Paul Feuerstein, DMD
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“Is it live or is it Memorex?“ You may remember those ads where the opera singer broke a glass with her voice. The shattering glass happens due to a physics effect called “resonant frequency.“ Go to www.popsci.com and search for this term for an explanatory video.
When tapped, the crystal wine glass rings with a specific note. If this exact note is produced near the glass, it vibrates “in sympathy.“ If the note gets louder, the glass vibrates more until it breaks. You can also see this if you stand next to a piano and sing a note into the strings. The matching tone will vibrate (but the piano will not crack)!
Osstell AB from Sweden (not to be confused with implant company Osstem in Korea) has created a device to test the stability and integration of implants using RFA (resonant frequency analysis). The study was done on 45 implants that were checked for integration with radiographic and clinical tests. The implants that were thought to be sound had a higher frequency than those recently placed or not integrated.
The logic is that if a stick is embedded in concrete and “twanged“ like a guitar string, it will have a higher frequency than one in Styrofoam or mud. Osstell's new device, the ISQ, is a simple system that requires the dentist to remove the healing cap, screw in a “Smart Peg“ (the stick), and then turn on the frequency generator, which is placed next to the peg. The meter will read the resonant frequency of the peg, and register a value from 1 to 100. The higher number is a higher frequency, thus it is more integrated.
This is particularly valuable if you are doing an immediate load case, and wonder if the implant is stable at the initial placement. You also can easily follow the progress over time as an implant integrates.
As usual, if you choose to incorporate this technology, you still have to follow other traditional clinical methods. It is no different from using a caries detection system in conjunction with radiographs and clinical judgment. Information is on the company's Web site at www.osstell.com. An Internet search will give you more reports and articles.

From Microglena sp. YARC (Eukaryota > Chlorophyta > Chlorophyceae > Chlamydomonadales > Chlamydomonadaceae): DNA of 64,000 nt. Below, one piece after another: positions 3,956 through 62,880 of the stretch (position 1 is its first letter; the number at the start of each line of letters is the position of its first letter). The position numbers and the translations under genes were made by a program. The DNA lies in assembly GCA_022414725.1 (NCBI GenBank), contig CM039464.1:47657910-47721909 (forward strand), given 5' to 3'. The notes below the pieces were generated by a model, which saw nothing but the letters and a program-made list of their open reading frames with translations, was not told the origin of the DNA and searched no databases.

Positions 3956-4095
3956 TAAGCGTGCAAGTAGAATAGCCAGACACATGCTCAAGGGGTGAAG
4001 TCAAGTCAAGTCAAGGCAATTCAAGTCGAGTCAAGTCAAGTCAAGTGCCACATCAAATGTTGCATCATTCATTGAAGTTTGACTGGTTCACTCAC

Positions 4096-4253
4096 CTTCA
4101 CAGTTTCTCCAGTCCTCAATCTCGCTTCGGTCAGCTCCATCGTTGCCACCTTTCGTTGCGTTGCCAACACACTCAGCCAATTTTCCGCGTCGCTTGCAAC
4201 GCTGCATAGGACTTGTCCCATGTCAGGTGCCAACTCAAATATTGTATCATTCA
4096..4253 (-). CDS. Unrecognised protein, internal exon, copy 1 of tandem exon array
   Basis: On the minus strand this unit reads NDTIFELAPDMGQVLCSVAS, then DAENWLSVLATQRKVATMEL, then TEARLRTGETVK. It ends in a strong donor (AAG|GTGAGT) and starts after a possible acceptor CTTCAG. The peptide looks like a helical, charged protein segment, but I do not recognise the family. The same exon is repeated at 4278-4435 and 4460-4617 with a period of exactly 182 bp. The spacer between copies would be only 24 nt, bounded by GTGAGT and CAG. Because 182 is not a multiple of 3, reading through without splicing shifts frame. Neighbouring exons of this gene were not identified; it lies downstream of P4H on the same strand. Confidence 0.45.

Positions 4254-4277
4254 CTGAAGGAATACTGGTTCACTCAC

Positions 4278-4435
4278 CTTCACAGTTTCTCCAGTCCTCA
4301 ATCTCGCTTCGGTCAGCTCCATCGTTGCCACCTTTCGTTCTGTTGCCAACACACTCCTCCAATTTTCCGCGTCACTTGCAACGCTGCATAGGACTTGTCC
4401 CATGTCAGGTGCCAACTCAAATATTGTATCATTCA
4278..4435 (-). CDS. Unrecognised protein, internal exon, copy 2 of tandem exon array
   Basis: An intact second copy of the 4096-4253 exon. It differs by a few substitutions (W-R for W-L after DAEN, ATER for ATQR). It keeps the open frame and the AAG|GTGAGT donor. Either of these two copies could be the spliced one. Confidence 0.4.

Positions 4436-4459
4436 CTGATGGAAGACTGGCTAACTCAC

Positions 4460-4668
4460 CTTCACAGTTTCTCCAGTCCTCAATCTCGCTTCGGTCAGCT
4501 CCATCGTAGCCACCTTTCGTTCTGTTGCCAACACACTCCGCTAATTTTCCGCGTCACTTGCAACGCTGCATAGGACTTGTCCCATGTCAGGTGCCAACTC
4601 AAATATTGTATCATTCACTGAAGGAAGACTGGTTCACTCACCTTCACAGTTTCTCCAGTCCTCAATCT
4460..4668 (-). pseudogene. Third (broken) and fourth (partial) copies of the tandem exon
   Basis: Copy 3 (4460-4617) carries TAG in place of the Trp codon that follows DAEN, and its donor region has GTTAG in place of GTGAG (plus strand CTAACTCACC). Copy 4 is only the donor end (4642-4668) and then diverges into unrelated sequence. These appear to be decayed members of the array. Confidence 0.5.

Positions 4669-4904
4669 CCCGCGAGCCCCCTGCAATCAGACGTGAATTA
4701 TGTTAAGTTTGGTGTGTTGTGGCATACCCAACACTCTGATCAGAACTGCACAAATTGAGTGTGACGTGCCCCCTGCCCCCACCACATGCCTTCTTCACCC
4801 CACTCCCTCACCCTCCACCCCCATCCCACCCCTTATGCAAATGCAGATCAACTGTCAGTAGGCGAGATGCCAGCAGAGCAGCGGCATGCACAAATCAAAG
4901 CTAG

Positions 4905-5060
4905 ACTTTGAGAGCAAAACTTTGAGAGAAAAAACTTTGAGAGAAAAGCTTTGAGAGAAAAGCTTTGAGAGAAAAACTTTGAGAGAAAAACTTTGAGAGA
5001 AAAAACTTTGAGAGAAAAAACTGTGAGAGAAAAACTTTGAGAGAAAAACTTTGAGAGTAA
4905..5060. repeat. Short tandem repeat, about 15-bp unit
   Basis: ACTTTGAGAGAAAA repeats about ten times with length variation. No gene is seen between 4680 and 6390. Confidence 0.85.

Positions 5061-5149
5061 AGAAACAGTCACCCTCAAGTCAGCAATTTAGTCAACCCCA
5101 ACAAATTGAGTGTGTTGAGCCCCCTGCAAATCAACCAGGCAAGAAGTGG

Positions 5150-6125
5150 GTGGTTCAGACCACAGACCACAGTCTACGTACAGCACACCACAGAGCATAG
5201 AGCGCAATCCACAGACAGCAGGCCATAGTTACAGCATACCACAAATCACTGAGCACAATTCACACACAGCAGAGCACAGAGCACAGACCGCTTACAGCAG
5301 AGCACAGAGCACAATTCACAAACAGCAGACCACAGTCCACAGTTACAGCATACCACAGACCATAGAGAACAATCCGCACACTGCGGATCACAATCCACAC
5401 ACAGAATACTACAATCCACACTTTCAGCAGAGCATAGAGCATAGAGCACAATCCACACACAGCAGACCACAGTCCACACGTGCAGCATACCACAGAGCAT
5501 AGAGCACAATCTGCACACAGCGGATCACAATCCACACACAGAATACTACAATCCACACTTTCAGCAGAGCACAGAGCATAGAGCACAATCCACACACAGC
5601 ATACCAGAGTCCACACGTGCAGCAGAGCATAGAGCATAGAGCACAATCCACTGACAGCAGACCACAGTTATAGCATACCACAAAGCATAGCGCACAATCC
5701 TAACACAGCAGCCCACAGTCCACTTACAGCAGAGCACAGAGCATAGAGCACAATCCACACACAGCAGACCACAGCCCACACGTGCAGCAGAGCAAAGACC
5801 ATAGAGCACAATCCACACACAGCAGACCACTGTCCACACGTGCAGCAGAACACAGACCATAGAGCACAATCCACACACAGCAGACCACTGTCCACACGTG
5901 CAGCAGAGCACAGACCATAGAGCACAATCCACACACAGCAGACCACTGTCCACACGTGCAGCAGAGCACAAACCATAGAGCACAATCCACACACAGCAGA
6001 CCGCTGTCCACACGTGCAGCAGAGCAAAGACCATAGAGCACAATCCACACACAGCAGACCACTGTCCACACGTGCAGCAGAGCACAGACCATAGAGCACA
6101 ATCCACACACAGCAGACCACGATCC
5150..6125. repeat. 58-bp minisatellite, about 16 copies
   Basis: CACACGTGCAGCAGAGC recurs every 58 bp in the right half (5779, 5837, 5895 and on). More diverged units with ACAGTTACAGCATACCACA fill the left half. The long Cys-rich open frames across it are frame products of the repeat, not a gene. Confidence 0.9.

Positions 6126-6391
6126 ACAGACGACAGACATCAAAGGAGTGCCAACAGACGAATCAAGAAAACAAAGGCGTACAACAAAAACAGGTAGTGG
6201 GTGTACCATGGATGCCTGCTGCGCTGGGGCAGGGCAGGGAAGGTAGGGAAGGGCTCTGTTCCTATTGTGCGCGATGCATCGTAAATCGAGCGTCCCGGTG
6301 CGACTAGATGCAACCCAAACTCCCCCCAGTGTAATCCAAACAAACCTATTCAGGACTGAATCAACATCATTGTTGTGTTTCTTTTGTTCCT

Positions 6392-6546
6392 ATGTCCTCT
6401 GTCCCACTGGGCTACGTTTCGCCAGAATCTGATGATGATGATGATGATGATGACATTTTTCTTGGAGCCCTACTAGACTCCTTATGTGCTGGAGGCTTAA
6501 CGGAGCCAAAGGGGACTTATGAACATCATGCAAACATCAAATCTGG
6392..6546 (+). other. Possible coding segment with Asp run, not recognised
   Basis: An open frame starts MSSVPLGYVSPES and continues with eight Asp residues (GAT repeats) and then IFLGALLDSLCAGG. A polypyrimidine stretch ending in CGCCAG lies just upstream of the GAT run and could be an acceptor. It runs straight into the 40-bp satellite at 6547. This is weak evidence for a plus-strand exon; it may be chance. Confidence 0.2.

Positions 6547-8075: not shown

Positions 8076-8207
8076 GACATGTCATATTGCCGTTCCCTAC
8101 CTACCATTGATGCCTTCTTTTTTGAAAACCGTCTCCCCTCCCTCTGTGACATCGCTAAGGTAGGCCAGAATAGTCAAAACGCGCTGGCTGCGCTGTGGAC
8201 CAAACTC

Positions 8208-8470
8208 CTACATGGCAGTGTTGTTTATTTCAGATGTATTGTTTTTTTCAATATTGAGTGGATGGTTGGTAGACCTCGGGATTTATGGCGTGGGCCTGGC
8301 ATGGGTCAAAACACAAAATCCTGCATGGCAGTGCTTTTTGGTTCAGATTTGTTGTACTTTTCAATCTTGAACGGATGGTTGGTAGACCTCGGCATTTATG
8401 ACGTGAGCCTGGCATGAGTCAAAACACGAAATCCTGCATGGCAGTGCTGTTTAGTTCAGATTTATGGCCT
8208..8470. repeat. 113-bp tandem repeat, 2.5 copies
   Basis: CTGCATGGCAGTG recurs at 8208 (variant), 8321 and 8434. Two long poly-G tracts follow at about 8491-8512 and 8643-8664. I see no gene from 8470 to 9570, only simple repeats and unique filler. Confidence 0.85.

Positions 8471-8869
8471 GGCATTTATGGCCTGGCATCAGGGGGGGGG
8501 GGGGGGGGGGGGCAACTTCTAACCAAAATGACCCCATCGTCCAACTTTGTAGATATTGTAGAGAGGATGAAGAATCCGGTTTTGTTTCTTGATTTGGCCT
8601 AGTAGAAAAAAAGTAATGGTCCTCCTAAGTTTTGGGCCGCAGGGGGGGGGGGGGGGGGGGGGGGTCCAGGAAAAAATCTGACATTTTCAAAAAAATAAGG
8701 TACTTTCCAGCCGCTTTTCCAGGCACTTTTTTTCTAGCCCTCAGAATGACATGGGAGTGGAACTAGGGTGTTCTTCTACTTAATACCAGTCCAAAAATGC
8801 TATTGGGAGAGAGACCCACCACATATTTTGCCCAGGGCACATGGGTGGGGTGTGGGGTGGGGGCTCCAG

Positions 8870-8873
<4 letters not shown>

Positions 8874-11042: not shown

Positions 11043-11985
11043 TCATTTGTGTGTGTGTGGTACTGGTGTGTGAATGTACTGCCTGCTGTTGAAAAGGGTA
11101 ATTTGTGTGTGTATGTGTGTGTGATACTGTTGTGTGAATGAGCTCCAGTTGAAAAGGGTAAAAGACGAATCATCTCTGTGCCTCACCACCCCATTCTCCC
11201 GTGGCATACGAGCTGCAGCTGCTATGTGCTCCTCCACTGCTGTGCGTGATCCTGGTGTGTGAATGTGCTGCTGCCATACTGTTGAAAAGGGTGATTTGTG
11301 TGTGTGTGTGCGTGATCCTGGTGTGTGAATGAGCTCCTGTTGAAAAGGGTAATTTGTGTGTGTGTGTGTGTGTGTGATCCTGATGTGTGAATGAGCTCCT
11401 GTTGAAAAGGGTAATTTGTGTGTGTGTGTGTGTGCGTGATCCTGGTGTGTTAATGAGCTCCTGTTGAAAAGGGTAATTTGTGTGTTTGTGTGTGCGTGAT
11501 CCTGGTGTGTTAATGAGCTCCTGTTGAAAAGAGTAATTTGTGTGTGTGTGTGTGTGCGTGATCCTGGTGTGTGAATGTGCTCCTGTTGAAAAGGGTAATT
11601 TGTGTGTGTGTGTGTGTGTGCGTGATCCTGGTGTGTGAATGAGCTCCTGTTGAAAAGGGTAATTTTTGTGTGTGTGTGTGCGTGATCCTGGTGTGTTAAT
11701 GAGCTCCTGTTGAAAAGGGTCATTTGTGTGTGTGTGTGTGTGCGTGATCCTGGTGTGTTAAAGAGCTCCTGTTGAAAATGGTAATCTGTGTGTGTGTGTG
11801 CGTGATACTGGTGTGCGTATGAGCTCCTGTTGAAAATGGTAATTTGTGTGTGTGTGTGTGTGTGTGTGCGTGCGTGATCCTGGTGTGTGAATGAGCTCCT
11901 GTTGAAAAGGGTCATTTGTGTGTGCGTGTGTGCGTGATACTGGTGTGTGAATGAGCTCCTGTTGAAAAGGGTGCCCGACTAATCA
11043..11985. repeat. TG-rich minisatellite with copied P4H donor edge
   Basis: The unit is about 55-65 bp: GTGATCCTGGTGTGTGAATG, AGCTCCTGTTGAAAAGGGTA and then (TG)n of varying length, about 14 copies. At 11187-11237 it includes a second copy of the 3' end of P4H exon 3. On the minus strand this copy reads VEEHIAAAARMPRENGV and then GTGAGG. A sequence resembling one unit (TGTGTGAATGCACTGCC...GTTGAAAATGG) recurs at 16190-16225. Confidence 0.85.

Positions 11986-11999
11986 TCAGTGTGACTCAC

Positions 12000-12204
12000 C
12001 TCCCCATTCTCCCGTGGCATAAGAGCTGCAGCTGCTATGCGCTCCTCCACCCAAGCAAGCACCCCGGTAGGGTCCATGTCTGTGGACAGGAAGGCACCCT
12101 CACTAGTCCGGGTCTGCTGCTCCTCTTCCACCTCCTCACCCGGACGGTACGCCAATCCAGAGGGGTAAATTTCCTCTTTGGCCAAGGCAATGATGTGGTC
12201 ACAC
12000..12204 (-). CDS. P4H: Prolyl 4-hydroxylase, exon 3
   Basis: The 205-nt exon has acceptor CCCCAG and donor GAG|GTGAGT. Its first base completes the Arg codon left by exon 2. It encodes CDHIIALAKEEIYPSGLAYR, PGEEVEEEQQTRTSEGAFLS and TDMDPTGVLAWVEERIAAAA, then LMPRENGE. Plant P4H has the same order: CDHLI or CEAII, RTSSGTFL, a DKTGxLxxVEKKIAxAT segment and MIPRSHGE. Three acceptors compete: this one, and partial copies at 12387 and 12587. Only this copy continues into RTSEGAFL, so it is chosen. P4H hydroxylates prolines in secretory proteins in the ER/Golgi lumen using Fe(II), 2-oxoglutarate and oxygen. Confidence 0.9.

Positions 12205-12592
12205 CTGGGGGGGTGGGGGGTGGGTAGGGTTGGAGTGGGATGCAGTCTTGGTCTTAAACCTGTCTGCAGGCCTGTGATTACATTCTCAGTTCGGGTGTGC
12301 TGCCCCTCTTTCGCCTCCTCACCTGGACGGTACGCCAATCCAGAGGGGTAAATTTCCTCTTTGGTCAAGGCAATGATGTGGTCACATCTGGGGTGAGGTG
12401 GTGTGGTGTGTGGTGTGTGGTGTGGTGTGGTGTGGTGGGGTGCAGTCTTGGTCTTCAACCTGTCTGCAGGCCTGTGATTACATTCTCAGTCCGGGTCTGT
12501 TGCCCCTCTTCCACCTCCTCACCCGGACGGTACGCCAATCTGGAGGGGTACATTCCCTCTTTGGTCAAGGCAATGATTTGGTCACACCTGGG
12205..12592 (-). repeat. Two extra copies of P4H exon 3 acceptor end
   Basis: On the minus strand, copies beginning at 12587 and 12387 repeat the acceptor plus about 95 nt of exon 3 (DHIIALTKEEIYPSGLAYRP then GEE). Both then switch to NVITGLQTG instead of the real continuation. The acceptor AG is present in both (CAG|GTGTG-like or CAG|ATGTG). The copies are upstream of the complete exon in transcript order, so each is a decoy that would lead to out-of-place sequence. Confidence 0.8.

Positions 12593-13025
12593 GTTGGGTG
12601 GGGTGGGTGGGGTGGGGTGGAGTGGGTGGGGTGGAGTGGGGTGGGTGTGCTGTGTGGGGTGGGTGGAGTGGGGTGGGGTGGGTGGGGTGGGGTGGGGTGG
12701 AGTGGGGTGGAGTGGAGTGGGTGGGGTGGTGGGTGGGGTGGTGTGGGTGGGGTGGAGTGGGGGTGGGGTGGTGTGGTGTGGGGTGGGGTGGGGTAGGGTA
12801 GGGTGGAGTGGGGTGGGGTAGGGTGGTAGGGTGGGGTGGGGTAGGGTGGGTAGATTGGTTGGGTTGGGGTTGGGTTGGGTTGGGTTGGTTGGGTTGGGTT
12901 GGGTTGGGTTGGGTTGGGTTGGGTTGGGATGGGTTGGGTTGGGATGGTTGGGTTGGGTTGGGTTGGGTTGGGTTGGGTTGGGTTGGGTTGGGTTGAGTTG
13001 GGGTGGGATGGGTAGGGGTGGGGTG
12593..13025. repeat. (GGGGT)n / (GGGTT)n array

Another interesting electronic device is a new apex locator from MedicNRG. The principals in this Israeli company have been in this arena for many years, and actually developed the circuitry used in many of today's apex locators.
They have come up with a new compact (under 50g and small enough to fit in a pocket) unit that has an accuracy to 0.1 mm and works (while automatically adjusting) for dry, wet, or bleeding canals. The basic unit, ApexNRG-xfr, has a series of LEDs that light up in sequence, with sound, every 0.25 mm, indicating when you are at the apex. The new model, ApexNRG-Blue, has the LEDs but also can transmit information via Bluetooth to your computer.
The software gives a graphic representation of the file in the canal in real time, so you can see where you are — much like a GPS system. Since this unit is so small, the company is working on a version that will attach directly to your handpiece and read the apex right through the file.
MedicNRG also has a portable, battery-operated LED light, LumiNRG, which allows a standard mirror head to be attached and delivers a bright light for exams. This includes the sometimes difficult denture sore spot. Information is on the company Web site at www.medicnrg.com.
In fairness, there are two other small intraoral lights that I have found to be successful. One is from HighQ Dental, a manufacturer of many headlights, including the new Starbright, as well as a clever head-mounted video camera, the ALOS. HighQ's Oralume, a disposable LED light that lasts about 20 hours, comes with a transillumination tip and a standard mouth mirror. The light is inexpensive, and is sold in a starter pack of three and replacement packs of 10. Information is at www.highqdental.com.
The other is from Addent, which manufactures the MicroLux Transilluminator. The tip design focuses the light through an autoclavable glass rod that can find fractures in enamel, canals in the chamber, and more. The company has a mirror attachment and a new illuminated perio probe that enables easier reading in the arch's darker corners, as well as a thin tip that can be placed down a root canal or in a cavity preparation for viewing of fractures or caries. Addent also offers an array of composite placement aids, including a cartridge warmer (Calset) and a novel new composite dispenser. The company also has a color correction intraoral light (Rite lite). Check out these and more products at www.addent.com.
My recent trip to the IDS meeting in Cologne showed me many new and innovative products. Stay tuned.
Dr. Paul Feuerstein installed one of dentistry's first computers in 1978. For more than 20 years, he has taught technology courses. A mainstay at technology sessions, Dr. Feuerstein is an ADA seminar series speaker. A general practitioner in North Billerica, Mass., since 1973, Dr. Feuerstein maintains a Web site (www.computersindentistry.com) and can be reached by e-mail at [email protected].